ANAHEIM -- When the Mariners selected Josh Fields in the first round of the First-Year Player Draft this past June, they envisioned another Brandon Morrow -- a high-quality college right-handed pitcher that did not need much seasoning to reach the Major Leagues.

Morrow, the University of California-Berkeley product, signed about three weeks after the 2006 Draft and reported to Peoria, Ariz., where he pitched in seven games, logged 13 innings and had a 2.77 ERA. He was promoted to Class A Inland Empire (California League) on August 31, and appeared in one game, tossing three scoreless innings.

He pitched 16 innings in the Minor Leagues that season and the next stop was Spring Training in '07.

Morrow was so impressive that he landed a spot on then-manager Mike Hargrove's pitching staff, spent the entire season in the Mariners bullpen and has established himself as one of the most coveted pitchers in the organization. He currently is pitching for Triple-A Tacoma, making the transition from reliever to starter, which would create an opening in the Mariners 'pen.

The Mariners have hoped that Fields would follow along the same fast road to the big leagues as Morrow.

But Fields remains unsigned, delaying his development into a big league pitcher.

It was projected that after a couple of months in the Minors, Fields would be ready to become a part of the Seattle bullpen in September when rosters become expanded to 40 players. If Fields showed that he wasn't big league ready, he would still be a potential member of the bullpen when Spring Training begins next February.

"I don't know what to say, other than we hope to get him signed," said Benny Looper, the Mariners' director of player personnel. "We would like to get him signed and out there playing, definitely. We're hopeful that we can get this done and get Josh out pitching. We think he is a pitcher who could be at a big league level in a short time."

How short?

"I wouldn't want to say a month, a year, two years, but you got to think that when you have that kind of stuff in a relief situation, obviously you feel they're closer than if they're a starter," Bob Fontaine, the Mariners' scouting director, said on Draft day. "A lot of it depends on when he gets started."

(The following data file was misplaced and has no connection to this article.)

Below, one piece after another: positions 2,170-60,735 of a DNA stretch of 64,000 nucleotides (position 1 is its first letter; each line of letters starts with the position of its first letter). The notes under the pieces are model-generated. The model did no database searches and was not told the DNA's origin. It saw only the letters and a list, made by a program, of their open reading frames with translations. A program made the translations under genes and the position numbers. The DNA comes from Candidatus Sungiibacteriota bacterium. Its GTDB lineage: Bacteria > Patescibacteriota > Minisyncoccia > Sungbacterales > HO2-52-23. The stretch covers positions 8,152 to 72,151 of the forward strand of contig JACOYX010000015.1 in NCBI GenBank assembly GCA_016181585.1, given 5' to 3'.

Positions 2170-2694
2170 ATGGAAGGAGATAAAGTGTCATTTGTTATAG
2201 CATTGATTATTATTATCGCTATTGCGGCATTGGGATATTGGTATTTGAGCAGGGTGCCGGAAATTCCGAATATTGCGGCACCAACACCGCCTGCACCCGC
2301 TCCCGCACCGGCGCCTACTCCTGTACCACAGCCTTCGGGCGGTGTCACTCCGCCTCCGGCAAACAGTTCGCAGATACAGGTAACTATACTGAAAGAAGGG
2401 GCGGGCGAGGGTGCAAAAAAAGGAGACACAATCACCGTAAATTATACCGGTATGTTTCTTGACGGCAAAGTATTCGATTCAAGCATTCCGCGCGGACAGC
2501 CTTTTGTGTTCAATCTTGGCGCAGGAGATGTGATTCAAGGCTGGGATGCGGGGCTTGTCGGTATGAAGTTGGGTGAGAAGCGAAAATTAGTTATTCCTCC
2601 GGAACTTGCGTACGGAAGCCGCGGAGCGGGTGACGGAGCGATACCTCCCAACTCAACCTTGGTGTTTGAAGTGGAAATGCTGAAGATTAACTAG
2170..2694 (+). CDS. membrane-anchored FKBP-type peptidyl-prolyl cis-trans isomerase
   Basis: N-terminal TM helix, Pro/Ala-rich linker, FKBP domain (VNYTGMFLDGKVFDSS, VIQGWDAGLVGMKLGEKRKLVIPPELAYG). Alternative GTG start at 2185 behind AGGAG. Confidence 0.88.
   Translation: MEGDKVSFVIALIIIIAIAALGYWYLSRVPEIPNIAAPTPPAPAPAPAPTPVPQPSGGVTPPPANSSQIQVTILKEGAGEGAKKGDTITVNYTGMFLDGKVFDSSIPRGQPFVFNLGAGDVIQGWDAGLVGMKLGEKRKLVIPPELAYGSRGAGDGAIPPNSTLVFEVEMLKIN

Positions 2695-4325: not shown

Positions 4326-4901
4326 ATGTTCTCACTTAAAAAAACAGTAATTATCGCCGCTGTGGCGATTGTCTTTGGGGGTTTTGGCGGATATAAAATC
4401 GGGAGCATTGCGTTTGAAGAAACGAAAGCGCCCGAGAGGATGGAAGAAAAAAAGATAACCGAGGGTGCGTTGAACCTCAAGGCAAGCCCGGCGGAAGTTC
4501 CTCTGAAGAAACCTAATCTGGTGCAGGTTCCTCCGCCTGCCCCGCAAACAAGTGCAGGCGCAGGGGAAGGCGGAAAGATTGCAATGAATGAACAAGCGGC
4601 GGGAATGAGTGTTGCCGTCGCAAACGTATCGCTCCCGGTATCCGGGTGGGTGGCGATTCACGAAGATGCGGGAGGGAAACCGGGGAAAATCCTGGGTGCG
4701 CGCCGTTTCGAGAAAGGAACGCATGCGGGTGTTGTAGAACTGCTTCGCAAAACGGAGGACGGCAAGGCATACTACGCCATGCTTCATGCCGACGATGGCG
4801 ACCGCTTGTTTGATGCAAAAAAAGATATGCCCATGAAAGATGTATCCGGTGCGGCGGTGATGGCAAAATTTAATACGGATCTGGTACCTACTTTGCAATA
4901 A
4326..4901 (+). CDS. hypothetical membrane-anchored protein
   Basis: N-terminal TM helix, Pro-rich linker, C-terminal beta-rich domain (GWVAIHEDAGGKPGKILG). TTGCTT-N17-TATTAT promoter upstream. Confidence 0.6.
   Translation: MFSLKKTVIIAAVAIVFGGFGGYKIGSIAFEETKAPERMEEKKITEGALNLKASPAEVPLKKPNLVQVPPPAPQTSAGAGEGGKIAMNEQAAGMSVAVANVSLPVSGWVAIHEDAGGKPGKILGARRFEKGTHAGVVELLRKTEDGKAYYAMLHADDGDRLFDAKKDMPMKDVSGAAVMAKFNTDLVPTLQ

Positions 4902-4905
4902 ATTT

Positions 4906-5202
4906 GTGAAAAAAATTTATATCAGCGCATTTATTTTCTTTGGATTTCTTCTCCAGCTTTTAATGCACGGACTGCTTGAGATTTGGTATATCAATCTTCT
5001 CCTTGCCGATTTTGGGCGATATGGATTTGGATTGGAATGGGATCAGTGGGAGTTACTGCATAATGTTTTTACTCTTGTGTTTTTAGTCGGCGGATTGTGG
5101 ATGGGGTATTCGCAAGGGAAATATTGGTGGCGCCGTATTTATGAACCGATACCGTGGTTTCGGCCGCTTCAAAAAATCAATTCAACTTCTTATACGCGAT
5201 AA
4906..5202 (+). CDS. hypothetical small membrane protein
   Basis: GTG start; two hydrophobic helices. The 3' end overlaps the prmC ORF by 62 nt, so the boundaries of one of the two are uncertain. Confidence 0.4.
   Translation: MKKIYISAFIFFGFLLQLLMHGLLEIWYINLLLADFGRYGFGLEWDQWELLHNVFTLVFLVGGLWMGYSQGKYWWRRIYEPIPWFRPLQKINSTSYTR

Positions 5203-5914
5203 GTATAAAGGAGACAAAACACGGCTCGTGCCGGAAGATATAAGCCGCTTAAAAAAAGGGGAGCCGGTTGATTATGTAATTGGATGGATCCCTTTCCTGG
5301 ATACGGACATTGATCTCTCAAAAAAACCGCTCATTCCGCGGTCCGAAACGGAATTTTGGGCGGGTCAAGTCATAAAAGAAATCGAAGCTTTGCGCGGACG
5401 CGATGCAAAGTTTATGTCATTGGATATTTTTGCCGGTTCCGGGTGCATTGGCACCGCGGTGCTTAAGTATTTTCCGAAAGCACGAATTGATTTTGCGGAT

And "when" is the big question.

There is a Friday deadline for players selected in the June Draft to sign, or they are off-limits until the 2009 Draft. But because Fields has exhausted his college eligibility, the former University of Georgia closer does not figure in Friday's deadline. The Mariners would have until one week before the 2009 First-Year Player Draft to sign him.

The Mariners are hoping that when the deadline passes and the players selected ahead and behind him have signed, it will help them get Fields on board.

Seattle is believed to have offered Fields about $1.5 million, the going rate for a 20th overall selection.

"We don't face the urgency that others do with their picks," Looper acknowledged, "but it probably has been a couple of months since he pitched, and we're not sure what kind of condition he's in."

When at the top of his game, Fields was good enough to have been selected as the Southeastern Conference Pitcher of the Year for 2008, after recording 16 saves with a 2-2 record and a 2.27 ERA. The SEC career saves leader with 39, Fields helped Georgia capture the '08 SEC title and reached the College World Series, where they lost to Fresno State in the finals.

The Mariners have signed seven of their top eight selections and 36 of their 50 selections overall. Looper said the ninth- and 10th-round picks -- right-handers Billy Morrison from Western Michigan and Nathan Newman from Pepperdine University -- are not going to sign.

In a way, it's surprising that Fields is still among the 11 first-round selections still unsigned. He seemed ready, willing and able to get his career off the ground.

"I don't expect signing to be an issue," Fields told Seattle-area reporters on the day he was drafted. "I'm not sure how long it would take, but I don't think it would be an issue. I'm excited the Mariners are giving me that chance. Last year, was not the right time to sign. I was not mentally or physically ready. I feel like the timing is right this year."

Fields is one of five unsigned first-round Draft choices being represented by agent Scott Boras and one of the theories making the rounds is that Boras is trying to drive the price up for seniors like Fields in order to make more money for the juniors. If sticking around for your senior year seems draws a higher signing bonus, perhaps teams would fork over a bit more money for the juniors now.

"If he signs within a week of the [Friday] deadline, we would probably send him to Arizona [Instructional League] and he would be a candidate to pitch in the Arizona Fall League," Looper said.

The Major League scouting and farm directors are scheduled to meet in Phoenix next Monday, Tuesday and Wednesday and the agenda includes each MLB organization submitting the names of their six candidates to play in the AFL this season, which begins on Oct. 7.

"You would hate to call someone back after they've been selected," Looper said. "The opportunities are slipping by."